Taking loyalty on the road

Seeing away game is a first for four longtime Ravens fans

The Scene

Ravens Gameday

October 01, 2007|By Don Markus | Don Markus,Sun Reporter

CLEVELAND -- Mark Kloch has been a Ravens season-ticket holder since the team came to Baltimore from this Midwest city in 1996, accompanying his brother Steve to games at Memorial Stadium and M&T Bank Stadium.

Until yesterday, the Klochs had never seen the Ravens play away from home.

Just like the fraternity brothers from Delta House, the Klochs and their friends Evan Kelley and Don Blair got together last spring and uttered those famous words: "Road trip." By their choice of destination, some might think that this fearless foursome was a tad masochistic.

As their plane flew over the city Saturday afternoon, Blair turned to Kelley.

"The forecast is bad for tomorrow," he said.

"It is?" said Kelley, looking out the window at the brilliant blue sky.

"Yeah," Blair deadpanned. "Purple reign."

But the question begs to be asked: Why Cleveland, the Ravens' ancestral home and a place that clearly still has a disdain for all things Baltimore?

"There were plenty of tickets available," said Kelley, who lives in Preston and works at a pharmacy in Easton.

There also was plenty of abuse to be taken from Browns fans.

As they walked from their hotel to Cleveland Browns Stadium, one fan chastised them for "stealing our team." There were, according to Mark Kloch, "a lot of drive-by boos."

But once they got to the stadium, there were only a few expletives and not a lot of electricity.

"There's not a lot of intensity," said Blair, who builds elevators for Otis.

After all those years watching games in Baltimore, why did it take so long to see the Ravens on the road? For Steve Kloch, it had a lot to do with the fact that he and his wife run an independent pharmacy in Federalsburg that's open on Sundays until noon. Kloch has rarely missed a kickoff on television, but going on the road was always an issue.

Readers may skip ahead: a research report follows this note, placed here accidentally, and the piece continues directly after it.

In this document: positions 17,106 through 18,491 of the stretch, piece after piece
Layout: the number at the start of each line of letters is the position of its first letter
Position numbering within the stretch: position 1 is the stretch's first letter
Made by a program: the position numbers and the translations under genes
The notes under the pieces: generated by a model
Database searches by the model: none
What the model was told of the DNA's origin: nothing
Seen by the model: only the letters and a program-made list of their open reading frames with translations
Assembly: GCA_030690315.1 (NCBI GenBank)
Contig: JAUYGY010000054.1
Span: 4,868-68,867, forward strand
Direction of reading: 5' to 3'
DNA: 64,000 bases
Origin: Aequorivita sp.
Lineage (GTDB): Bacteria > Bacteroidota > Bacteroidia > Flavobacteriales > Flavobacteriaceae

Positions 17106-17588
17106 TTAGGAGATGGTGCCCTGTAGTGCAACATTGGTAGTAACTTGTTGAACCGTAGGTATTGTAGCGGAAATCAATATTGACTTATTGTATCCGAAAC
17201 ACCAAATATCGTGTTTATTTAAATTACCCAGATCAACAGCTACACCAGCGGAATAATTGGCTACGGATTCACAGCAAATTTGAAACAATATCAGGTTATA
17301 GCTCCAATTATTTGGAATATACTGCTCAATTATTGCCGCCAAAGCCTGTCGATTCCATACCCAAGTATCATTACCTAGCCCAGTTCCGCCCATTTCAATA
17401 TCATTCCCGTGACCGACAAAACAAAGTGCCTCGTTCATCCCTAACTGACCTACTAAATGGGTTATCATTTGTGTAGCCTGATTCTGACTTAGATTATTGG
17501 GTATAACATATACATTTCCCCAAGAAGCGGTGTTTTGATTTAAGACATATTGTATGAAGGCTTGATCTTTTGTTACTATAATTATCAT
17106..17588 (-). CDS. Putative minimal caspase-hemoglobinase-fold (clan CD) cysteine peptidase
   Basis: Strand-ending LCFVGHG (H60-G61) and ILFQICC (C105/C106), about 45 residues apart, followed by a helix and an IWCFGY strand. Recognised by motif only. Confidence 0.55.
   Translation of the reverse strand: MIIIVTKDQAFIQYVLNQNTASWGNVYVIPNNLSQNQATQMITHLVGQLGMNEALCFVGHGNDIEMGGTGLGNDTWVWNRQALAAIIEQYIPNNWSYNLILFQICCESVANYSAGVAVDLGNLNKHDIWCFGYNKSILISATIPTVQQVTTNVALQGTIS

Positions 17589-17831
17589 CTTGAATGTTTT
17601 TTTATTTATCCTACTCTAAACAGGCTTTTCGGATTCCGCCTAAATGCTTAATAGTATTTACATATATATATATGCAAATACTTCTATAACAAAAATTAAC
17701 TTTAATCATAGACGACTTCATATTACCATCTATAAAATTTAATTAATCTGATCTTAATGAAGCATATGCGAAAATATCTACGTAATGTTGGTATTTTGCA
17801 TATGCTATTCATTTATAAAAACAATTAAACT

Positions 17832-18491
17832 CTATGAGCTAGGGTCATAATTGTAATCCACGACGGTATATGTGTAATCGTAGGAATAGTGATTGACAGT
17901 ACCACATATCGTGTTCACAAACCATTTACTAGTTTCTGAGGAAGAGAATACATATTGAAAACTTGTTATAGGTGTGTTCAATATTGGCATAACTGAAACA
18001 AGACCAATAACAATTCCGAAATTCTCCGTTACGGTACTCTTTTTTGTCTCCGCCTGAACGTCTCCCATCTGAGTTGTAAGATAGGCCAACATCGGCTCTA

"I finally got up the nerve to ask my wife to take three days off," Kloch said.

For Kelley and Blair, who are a generation younger than the Klochs, it was a matter of finances. Even going to home games is expensive. "The tickets for this game were around $80 each," said Kelley, who said he bought the upper-level tickets on eBay from a Browns fan.

For Mark Kloch, who works for an air freight company near BWI Marshall Airport, it was, well, he wasn't quite sure.

"I never really thought about it," he said.

Yet there they were, standing outside the stadium yesterday in their Ravens jerseys, an occasional fellow purple-clad fan offering quiet support. Steve Kloch tried his hand at throwing a football through a hole of a mock Browns receiver. He kept throwing high.

"Are you Kyle Boller?" a Browns fan sneered as he walked by.

Kloch eventually would hit three straight. As another Browns fan walked up to try, Kloch had his comeback.

"Move back," he said, "and hand off."


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